Missouri was the first of four states to seek to opt out of the insurance purchase mandate portion of the health care law that had been pushed by Obama. And while many legal scholars question whether the vote will be binding, the overwhelming approval gives the national GOP momentum as Arizona, Florida and Oklahoma hold similar votes during midterm elections in November.”

  3. Huck, you’re welcome. Honestly, the Said stuff went a bit over my head with Oriental vs Occidental. Not that I didn’t understand it but it didn’t resonate with me. The Noam Chomsky stuff on the other hand hit home immediately.

    And you’re right … Chomsky’s notion of how perception influences our knowledge of the “facts” cuts across the political spectrum. I readily admit that on a bad night, MSNBC provides no more “knowledge” than Fox News does. Mind you, I said on a bad night. 🙂

  4. Dick, well with Kaiser reporting 50% support, it would not be surprising that Missouri is among the other 50%.Judging from the hell that Claire McCaskill went through during the town halls last summer, this is not a surprise.

  5. Huck,

    It was an interesting read. It reminded me of the old Mark Twain quote about “Figures don’t lie, but liars can figure.” which is why I’ve always taken poll results with a grain of salt the size of Rhode Island.

    It is why I also have tried to do my own research since I started studying the philosophy of law and found out just how bent a lot of the concepts have become as “experts” have stretched and contorted it to reach an intended result.

  6. Damn…..talk about a ratings disaster. Lets offer the blog up to post-modern history class 101. (Crickets chirping)

    Hey Rutherford, can i guest blog about the new generation of composite softball bats next week?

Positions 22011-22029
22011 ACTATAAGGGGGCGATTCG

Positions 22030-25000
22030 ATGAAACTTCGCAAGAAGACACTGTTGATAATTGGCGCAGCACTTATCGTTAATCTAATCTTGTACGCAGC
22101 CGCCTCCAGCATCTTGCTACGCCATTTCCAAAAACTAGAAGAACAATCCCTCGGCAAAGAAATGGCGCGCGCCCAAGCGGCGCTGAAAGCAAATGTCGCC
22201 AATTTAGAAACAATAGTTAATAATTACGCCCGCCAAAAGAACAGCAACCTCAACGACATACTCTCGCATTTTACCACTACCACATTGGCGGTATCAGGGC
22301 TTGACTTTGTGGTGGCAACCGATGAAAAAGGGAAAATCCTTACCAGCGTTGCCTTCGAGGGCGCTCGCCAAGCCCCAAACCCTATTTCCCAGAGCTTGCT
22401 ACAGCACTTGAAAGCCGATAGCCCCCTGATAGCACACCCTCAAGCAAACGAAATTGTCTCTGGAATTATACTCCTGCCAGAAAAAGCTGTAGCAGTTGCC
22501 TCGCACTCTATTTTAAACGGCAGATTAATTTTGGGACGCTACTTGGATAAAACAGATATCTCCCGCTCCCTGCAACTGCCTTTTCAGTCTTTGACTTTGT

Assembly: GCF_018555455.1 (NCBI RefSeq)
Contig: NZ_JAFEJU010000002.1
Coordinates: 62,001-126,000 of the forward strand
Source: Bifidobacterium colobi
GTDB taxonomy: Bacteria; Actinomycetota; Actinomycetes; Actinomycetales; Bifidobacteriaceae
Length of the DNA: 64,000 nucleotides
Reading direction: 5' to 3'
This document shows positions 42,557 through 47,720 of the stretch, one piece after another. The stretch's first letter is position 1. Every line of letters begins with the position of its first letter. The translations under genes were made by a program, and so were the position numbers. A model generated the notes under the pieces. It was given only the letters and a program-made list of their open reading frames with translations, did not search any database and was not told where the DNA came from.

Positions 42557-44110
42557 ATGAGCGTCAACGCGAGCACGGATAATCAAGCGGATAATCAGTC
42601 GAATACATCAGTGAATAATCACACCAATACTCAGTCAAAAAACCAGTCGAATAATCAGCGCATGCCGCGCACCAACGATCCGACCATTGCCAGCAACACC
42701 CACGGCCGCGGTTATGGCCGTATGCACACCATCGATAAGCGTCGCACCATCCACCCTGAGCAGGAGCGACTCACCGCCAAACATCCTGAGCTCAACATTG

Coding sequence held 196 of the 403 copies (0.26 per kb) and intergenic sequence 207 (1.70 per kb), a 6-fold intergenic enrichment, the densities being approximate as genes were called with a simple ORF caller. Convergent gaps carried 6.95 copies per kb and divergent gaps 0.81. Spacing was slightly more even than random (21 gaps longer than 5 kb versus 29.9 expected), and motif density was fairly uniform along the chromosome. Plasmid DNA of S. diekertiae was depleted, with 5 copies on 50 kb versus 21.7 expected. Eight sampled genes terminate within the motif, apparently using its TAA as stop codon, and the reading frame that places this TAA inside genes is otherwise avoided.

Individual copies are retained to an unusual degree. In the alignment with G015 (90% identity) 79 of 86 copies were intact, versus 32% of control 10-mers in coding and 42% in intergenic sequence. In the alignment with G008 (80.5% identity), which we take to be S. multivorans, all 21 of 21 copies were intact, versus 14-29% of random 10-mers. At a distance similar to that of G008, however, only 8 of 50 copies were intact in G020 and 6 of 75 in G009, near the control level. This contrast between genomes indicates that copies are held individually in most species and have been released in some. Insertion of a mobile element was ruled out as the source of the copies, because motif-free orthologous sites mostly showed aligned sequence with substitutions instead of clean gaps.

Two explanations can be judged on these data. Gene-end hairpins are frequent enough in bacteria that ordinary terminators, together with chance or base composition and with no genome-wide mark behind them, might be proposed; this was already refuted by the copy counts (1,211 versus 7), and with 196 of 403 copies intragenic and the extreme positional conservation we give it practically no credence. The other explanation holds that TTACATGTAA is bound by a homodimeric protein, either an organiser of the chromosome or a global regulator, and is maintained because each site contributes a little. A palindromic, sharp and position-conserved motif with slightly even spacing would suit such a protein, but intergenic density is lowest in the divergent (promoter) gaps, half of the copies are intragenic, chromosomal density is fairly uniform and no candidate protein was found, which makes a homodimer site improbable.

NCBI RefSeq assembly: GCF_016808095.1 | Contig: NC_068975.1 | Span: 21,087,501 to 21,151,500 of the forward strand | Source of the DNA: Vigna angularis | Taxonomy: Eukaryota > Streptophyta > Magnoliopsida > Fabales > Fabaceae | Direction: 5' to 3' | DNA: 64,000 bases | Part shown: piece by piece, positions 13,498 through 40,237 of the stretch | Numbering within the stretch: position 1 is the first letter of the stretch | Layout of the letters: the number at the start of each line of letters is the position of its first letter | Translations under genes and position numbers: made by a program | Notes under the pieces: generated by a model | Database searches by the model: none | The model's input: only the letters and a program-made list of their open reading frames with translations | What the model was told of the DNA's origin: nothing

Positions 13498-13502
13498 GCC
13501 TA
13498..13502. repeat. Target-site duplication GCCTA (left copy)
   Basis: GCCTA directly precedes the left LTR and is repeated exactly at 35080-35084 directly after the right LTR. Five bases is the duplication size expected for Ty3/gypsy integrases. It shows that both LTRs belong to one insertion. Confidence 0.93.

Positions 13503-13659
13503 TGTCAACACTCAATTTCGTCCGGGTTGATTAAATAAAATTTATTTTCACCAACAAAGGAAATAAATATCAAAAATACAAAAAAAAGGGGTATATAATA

Those post-modernist dudes have one thing in common, they try to make the case that knowledge is bunk. We can’t trust any historical narrative because of “the man”.

    Of course, only these post-modernist writers seem to have the knack of identifying the evil deeds of the dastardly wizard.

    Well, if you “can’t beat the man, be the man”. Thus, Foucault waxes on for another 350 pages in The History of Sexuality despite the fact that Hucking summed him up in two sentences.

    Sir Francis Bacon simply said we gain knowledge from observing the shit around us and then making classifications.

    Said, Foucault, et al, want classifications to disappear. After all, “the man” might consolidate more power from use of classifications, such as ones like “Reptiles” and “Marsupials”.

    Message to Said: Had the “Orient” offered a tradition upheld by the same intellectual rigor as the West, your book would have been moot.

    Ironically, these post-modern snake oil salesmen try to achieve the very thing they blame “the man” of: Hijack common sense and replace it with their own version of “gloobty glock” writing. Cancers, each and every one of them.